Hey, that sounds like a good start. Easier to write it in this blog than in the essay so far.

For the essay on Mabel Normand, I only need timeline guidance, and I have it from a website I partly used for research. I'm still having trouble with an opening for it, but I do have the speculation from an expert on Normand, and it's wonderful stuff, thoughtfully considering whether Normand could have truly overcome her illness and what would have been ahead for her. As it turns out, not much, not with the film industry changing to sound production.

13 essays are nearly done. I want to reread all of them. For the essays on Brad Renfro and Chris Farley, I need to slightly rewrite the openings. Both began to sound similar, me delving into pieces of my childhood for when I first noticed both of them, and I worried about whether I'd have to dump both openings in favor of something entirely new for each. However, for the Renfro essay, I only have to pitch the last sentences in the last paragraph of the opening, and write a new sentence that'll make it different from the Farley opening. I still need to rewrite the Farley opening to make it more organized, but now I don't have to do as much work.

For the other 11 essays, I have to revise the speculation. I'm speculating on my own for five actors, including John Belushi, and my words have to read better. Plus, I haven't yet finished the speculation on Heath Ledger, Brad Renfro and Chris Farley, though for Renfro and Farley, and especially Belushi, I really have to think about whether they would have been able to kick their drug habits. Farley really wanted to try, in light of being told that he would not be insured for a Fatty Arbuckle biopic unless he was clean and sober for a year or so. But I wonder if he would have had the strength to not only overcome his addictions, but to also keep them away even after that film had been made. That one film would have changed his life and his career, guaranteed. I truly believe he would have been seen as a dramatic actor. There was a moment in Tommy Boy where Tommy Callahan (Farley) sits forlorn and alone on a loading dock at his deceased father's auto parts factory. Right there, I was sure that he would eventually have his The Truman Show with that Fatty Arbuckle biopic. Unlike John Belushi, who bet his entire image on that fast-burning, funny madman, Farley took in moments of reflection. Continental Divide and Neighbors didn't work at all for Belushi because people were expecting Bluto Blutarsky in many other forms. Farley still had a shot to create a new shade of his image.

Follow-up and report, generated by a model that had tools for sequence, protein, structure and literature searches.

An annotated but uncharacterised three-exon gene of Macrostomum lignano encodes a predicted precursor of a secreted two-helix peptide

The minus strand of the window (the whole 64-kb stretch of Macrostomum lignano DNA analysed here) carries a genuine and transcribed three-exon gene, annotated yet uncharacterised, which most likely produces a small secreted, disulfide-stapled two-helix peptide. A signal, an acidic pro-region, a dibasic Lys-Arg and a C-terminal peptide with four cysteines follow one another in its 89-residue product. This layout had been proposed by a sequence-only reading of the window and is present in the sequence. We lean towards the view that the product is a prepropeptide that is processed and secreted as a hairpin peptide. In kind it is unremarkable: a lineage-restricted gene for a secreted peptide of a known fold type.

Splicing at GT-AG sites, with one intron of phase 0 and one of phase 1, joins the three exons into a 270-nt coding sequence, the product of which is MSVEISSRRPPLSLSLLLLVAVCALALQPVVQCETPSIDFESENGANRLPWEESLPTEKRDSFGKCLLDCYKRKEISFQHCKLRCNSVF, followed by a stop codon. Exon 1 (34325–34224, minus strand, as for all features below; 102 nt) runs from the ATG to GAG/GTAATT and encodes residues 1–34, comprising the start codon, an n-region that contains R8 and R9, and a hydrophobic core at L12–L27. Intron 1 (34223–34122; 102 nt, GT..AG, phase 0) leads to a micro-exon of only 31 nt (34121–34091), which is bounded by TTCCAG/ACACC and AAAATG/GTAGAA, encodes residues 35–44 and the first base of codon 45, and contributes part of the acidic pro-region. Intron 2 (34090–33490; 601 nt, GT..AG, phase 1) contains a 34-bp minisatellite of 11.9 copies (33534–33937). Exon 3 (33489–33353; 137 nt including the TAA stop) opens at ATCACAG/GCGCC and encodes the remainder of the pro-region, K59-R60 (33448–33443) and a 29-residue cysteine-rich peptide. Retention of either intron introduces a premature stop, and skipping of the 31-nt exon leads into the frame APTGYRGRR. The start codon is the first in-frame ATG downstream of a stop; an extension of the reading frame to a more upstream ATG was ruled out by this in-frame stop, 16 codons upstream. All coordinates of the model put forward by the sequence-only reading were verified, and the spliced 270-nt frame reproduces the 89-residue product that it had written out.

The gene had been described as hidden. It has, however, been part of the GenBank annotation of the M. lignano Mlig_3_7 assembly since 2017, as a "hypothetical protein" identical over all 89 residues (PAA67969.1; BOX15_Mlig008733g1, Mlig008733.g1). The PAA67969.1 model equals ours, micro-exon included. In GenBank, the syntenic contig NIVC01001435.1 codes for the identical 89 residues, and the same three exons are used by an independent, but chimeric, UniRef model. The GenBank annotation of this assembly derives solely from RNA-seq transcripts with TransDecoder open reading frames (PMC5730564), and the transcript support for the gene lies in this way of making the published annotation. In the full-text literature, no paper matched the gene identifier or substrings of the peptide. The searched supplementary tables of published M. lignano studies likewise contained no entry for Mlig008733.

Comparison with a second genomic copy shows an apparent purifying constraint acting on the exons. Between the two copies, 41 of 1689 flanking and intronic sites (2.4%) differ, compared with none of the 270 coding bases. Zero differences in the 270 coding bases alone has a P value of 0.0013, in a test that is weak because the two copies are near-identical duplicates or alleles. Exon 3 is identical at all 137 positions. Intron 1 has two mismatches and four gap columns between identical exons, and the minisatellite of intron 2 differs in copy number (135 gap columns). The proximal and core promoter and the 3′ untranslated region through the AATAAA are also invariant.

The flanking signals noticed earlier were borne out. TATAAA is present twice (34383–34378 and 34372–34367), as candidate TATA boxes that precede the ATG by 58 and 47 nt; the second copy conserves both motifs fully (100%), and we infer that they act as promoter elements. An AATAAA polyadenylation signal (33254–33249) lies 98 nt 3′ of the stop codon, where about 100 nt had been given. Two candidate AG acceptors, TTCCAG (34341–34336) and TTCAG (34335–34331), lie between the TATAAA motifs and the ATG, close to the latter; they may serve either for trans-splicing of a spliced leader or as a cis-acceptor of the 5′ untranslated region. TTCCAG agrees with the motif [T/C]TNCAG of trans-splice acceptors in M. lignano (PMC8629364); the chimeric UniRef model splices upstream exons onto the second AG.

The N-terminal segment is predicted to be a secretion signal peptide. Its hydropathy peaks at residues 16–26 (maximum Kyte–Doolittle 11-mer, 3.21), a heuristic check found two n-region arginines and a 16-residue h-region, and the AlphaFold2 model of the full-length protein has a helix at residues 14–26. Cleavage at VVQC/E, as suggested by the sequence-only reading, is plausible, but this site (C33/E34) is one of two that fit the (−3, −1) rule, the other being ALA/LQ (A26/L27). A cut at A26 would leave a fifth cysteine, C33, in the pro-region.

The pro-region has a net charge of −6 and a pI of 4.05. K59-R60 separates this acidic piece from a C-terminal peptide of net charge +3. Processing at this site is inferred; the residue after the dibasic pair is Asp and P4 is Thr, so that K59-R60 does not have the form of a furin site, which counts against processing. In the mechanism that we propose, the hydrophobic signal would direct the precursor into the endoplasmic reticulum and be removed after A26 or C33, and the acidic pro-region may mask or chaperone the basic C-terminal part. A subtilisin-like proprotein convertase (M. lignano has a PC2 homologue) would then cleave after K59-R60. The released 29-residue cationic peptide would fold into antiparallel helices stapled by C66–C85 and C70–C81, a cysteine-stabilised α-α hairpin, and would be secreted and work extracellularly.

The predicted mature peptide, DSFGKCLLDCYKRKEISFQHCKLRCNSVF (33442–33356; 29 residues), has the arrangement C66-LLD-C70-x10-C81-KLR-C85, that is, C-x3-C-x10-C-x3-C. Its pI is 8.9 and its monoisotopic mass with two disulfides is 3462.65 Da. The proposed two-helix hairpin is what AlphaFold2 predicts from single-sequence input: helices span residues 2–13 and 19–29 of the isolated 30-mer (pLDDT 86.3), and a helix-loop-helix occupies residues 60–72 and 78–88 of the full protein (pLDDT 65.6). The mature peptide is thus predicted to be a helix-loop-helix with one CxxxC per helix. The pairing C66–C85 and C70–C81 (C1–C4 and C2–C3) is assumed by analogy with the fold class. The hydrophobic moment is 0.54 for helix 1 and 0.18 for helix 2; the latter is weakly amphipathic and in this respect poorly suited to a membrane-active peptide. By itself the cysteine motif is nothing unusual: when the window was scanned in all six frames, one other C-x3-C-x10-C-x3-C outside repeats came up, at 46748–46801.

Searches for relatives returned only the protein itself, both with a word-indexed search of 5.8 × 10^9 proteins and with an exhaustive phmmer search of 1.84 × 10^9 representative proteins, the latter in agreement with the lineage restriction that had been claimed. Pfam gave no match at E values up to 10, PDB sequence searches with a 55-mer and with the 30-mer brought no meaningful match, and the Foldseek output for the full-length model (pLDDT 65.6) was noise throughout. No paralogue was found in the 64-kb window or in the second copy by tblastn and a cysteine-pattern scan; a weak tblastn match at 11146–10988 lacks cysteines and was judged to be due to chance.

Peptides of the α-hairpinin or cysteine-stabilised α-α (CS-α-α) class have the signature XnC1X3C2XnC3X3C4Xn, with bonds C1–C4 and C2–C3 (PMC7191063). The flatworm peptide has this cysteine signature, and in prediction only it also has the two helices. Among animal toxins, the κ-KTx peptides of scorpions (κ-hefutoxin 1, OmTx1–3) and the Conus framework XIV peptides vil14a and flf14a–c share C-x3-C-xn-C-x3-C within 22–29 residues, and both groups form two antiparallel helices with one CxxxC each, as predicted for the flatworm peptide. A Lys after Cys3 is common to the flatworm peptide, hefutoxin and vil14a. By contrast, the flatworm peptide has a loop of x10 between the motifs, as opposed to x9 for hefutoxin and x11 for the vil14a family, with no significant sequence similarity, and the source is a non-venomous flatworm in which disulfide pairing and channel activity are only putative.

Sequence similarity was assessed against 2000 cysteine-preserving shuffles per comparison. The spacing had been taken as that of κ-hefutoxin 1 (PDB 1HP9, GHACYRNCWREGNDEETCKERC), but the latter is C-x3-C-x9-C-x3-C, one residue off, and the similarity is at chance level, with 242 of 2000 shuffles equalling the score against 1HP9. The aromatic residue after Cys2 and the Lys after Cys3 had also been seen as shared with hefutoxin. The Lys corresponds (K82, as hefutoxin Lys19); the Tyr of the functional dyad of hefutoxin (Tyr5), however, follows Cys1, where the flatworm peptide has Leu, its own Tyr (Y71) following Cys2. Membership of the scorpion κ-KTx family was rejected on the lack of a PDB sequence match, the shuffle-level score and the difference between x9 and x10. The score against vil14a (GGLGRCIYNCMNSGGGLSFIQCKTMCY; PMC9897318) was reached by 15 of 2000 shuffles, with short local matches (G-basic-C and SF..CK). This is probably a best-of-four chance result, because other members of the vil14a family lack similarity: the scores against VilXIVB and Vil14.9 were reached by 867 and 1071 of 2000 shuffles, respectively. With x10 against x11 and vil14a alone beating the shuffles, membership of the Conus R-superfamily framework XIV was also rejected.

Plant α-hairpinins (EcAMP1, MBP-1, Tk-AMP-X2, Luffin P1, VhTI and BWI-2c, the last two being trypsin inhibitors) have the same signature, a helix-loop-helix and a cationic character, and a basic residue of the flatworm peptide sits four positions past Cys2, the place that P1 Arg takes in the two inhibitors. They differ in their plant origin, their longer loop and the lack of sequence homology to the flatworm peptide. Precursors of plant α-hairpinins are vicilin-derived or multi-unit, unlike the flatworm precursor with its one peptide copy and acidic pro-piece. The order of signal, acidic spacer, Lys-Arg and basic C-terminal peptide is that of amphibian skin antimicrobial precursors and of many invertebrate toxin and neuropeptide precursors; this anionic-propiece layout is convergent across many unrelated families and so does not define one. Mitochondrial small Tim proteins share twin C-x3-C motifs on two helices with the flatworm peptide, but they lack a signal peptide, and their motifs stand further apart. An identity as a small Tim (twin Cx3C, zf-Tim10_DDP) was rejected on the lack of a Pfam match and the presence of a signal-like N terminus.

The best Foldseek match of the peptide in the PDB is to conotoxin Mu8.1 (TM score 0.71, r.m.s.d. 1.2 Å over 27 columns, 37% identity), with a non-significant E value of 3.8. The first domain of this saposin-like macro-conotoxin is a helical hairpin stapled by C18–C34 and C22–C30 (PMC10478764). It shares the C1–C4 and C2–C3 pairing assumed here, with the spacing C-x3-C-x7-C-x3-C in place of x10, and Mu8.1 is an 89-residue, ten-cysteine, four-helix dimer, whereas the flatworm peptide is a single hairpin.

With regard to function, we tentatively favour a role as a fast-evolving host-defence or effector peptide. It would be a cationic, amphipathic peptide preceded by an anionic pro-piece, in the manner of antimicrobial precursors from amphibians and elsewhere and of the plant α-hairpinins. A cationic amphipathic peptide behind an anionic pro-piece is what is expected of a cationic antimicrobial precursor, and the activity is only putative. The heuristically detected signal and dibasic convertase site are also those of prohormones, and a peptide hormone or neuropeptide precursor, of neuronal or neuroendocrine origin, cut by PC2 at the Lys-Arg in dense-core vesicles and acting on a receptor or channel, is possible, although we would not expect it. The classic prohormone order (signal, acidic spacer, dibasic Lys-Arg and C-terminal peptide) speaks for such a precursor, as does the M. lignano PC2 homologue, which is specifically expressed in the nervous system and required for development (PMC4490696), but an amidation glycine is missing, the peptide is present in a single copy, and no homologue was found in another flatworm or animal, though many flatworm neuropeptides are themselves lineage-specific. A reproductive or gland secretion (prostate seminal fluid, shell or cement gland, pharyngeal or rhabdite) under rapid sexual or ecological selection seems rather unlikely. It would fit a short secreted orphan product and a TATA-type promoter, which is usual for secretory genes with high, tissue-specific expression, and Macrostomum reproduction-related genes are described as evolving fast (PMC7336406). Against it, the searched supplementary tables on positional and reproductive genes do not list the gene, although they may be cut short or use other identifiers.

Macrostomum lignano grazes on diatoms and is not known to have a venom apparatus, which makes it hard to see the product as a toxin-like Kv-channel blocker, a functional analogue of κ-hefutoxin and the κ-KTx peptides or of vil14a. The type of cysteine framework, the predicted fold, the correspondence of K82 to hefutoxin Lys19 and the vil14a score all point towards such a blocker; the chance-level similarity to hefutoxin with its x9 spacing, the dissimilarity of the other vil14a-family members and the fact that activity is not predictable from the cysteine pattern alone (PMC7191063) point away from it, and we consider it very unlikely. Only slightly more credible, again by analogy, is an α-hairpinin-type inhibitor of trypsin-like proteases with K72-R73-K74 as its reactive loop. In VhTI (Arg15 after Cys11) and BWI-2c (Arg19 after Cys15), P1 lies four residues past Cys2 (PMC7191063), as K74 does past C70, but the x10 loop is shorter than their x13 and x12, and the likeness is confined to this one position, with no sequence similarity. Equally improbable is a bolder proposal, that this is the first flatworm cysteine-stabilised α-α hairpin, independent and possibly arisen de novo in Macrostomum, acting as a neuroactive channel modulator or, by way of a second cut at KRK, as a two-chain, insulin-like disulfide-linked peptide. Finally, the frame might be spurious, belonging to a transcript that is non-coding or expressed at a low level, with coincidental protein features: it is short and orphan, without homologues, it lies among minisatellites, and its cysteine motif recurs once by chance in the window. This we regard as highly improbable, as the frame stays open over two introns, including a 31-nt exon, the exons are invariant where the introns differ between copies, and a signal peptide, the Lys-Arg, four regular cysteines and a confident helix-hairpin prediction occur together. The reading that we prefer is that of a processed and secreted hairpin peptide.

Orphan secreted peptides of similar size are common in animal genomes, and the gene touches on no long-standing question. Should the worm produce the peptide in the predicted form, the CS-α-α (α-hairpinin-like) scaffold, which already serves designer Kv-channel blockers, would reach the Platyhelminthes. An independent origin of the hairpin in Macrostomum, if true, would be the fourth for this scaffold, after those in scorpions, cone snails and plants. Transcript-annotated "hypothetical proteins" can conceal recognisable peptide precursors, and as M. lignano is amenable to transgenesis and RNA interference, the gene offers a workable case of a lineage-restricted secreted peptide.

I don't think I will miss this project when I'm done. I've enjoyed parts of it, and other parts have been incredibly taxing and monotonous. I'm not ramping up my excitement over seeing my name on the cover of a book until these essays are completely done. I have to wait until likely before January 2011 anyway. But I know one important thing: No more writing for others. I don't want to be part of something, a cog in something. I don't mind that in my eventual commercial aviation career. I'll see lots of airliners, and I'm happy about that. But for writing, I want only my ideas, my concepts. I'll adjust them as necessary to make them better or when something inspires me (there's a lot that does), but I want me. Just me. This book was fine. An outstanding start, and an opportunity I'll probably never have again, where I didn't have to do the gruntwork of finding a publisher, writing a proposal, any of that. My writing partner came to me with the project and asked if I wanted to join him. That was it. That's why I took it. But now I want to find out what would make me excited to sit in front of a computer for even more hours, to flip through other books for research, to find characters and ideas that give me a purpose in words. It's finally time for that.

But first, this book. No rush. I need to make this one look good. Back to work.

Tuesday, February 2, 2010

The Battle Rages

While some might believe it's easy to simply sit in a chair, face the computer screen, and type an essay, a novel, a book of short stories or poetry, it's a hard, ongoing battle. I'm facing one, trying to prevent the serpent looming over me (a.k.a., a forthcoming deadline) from dragging me underwater and holding me there. I'll be back when I've sliced it in half and have only the weaker half to defeat.